Monday, 30 November 2015

Golden Ages and Pavements

There are two jumping-off points for today's intertwined musings. No, three – only the third is a concert I mean to go to in the future (next Friday  at the time of writing) , and is just a happy coincidence anyway. It is a concert given by my choir's Musical Director, who also directs (and founded) the group Siglo de Oro. The coincidence will become clear in the fullness of time.

The two are:
  • An interview with the singer of  the Eagles of Death. He was saying that he wanted to perform at the reopening of the Bataclan
  • An old Archive on Four programme, repeated last Saturday on Radio Four Extra

The first of these made me wonder how they [the band]  would start. It would be missing a trick not to resume where they had left off when the infamous killing-spree started – perhaps even in mid-song. This reminded me of a story I heard in a half-remembered lecture, about Juan del Encina.
<autobiographical_note date_range="1971-1972">
Juan del Encina
In May 1972 I was ... not quite a world authority on sixteenth-century Spanish literature, but Professor E. M. Wilson, my lecturer for that year, was. 
Juan del Encina, author of some of the seminal works in Spanish Golden Age literature, was arrested by the Holy Inquisition in the middle of a lecture. He was away for some considerable time (years, I think, but I was never much of a note-taker; I'm sure the details are somewhere on the Internet, if you‘re that way inclined).  
When he returned, his opening words were Dicebamus hesterno  die [="{As} we were saying the other day"].
It was partly because of Professor Wilson's specialism (he had just contributed the chapter on Calderón to the standard work on Golden Age Literature first published in 1971) that the Hispanic Society chose the play mentioned here.
Now for the second of those blogogenic seeds. To quote Wikipedia:
 ...Vox populi, vox Dei /vɒks ˈpɒpjuːlɪ ˌvɒks ˈdɛɪ/, "The voice of the people [is] the voice of God", is an old proverb often erroneously attributed to William of Malmesbury in the twelfth century.
(I can't say I'm entirely happy about that /ˈpɒpjuːlɪ/, but that's neither here nor there,) The work  saying 's author is anonymous, but pre-dates William of Malmesbury by centuries. And the sentiment is self-evidently ridiculous.
It's not unlike other sayings, such as The customer is always right ([which whenever I've worked in retail...
<meta_digression possibility="0">
No, too boring. Except for the broad beans. Maybe another time.
... is emphatically not believed by the staff], that make a clear and radical statement that is manifestly untrue. 
Part of this saying has been used to refer to the sort of interview discussed in that Archive on Four programme – vox pop. I just heard a vox pop on the radio news, featuring opinions on whether the UK should bomb Syria. The interviewer asked someone who was strongly in favour 'Will it do any good?' And, scarcely credibly, the response was "WELL IT CAN'T DO ANY HARM." ... vox Dei? Perhaps he doesn't fully understand the concept of bombing.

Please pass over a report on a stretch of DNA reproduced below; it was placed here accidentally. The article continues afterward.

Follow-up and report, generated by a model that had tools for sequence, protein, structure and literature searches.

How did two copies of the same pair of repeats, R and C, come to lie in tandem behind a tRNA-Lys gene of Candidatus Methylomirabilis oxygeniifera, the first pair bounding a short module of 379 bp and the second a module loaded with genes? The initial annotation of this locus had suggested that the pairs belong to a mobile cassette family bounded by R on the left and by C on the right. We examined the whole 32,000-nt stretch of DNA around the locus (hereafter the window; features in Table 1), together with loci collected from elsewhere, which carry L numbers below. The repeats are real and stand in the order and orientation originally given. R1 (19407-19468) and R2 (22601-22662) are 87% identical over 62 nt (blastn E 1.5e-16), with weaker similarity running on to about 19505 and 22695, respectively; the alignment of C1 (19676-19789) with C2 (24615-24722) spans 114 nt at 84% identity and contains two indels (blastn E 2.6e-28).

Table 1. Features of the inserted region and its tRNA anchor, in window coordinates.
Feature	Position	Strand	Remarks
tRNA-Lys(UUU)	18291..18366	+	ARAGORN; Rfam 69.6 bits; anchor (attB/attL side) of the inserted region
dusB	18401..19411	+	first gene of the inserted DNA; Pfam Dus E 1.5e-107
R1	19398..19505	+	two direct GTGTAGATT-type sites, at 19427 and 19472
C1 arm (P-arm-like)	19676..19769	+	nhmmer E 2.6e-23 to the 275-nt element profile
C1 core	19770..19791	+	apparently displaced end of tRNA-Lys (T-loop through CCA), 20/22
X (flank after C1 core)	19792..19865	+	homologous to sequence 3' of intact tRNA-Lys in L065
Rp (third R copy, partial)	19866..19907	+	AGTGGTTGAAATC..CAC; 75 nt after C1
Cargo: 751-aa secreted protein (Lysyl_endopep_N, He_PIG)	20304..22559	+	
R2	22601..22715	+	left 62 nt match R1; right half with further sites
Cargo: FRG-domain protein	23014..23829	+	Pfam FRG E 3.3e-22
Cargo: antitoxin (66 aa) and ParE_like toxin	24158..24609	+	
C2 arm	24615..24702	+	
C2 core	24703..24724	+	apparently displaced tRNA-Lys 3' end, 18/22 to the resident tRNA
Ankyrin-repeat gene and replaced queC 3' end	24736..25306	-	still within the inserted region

In France, the word for a vox pop makes no such claim. But it does, by chance, recall a trick I've noticed in other vox pops. At the end, after the interviewer's piece to camera, the camera often pans down to the pavement to show the feet walking away [in the equivalent of cowboys riding off into the sunset]. It signifies That's all folks. (I have a researcher working on this; her fairly recent lecture notes from a Media Studies degree may give this observation some authoritative backing. Maybe, though, this recurrent camera trick is just favoured by BBC South's news editor[s].)

And that pavement is suggested also in the French micro-trottoir [="microphone-pavement", not "little pavement", SILLY].

In the USA, there is another term.
... broadcast journalists almost always refer to them as the abbreviated vox pop....In U.S. broadcast journalism it is often referred to as a man on the street interview or M.O.T.S 
'Professional videographer, editor, and media professor David Burns', in this YouTube clip uses the PC version 'person on the street'  – maybe he's worried about tenure.

I wonder whether this 'on the street' influenced the French coining, in an attempt to avoid the borrowing of an Anglo-Saxon term (a pre-echo of La <<loi Toubon>>?).


One other coincidence doesn't really count, as – although my choir is singing the song (an anonymous Siglo de Oro song) at the Christmas concert –  I shall be unable to join them. This is because of the traditional annual clash between my choir's Christmas concert and my daughter's windband's Christmas concert.

Update 2015.11.30.21:05 –  Misplaced para: sorry. 

Update 2015.12.03.08:50 –  A few corrections/clarifications, and added this crossword clue:

Spooner gave an uppercut to playwright for this factor in Winter's Tale. (4,5)

Update 2016.04.19..18:35 –  Crossword answer (at last) and deleted obsolete footer.

Time‘s up: WIND CHILL (not bad. TISIAS )

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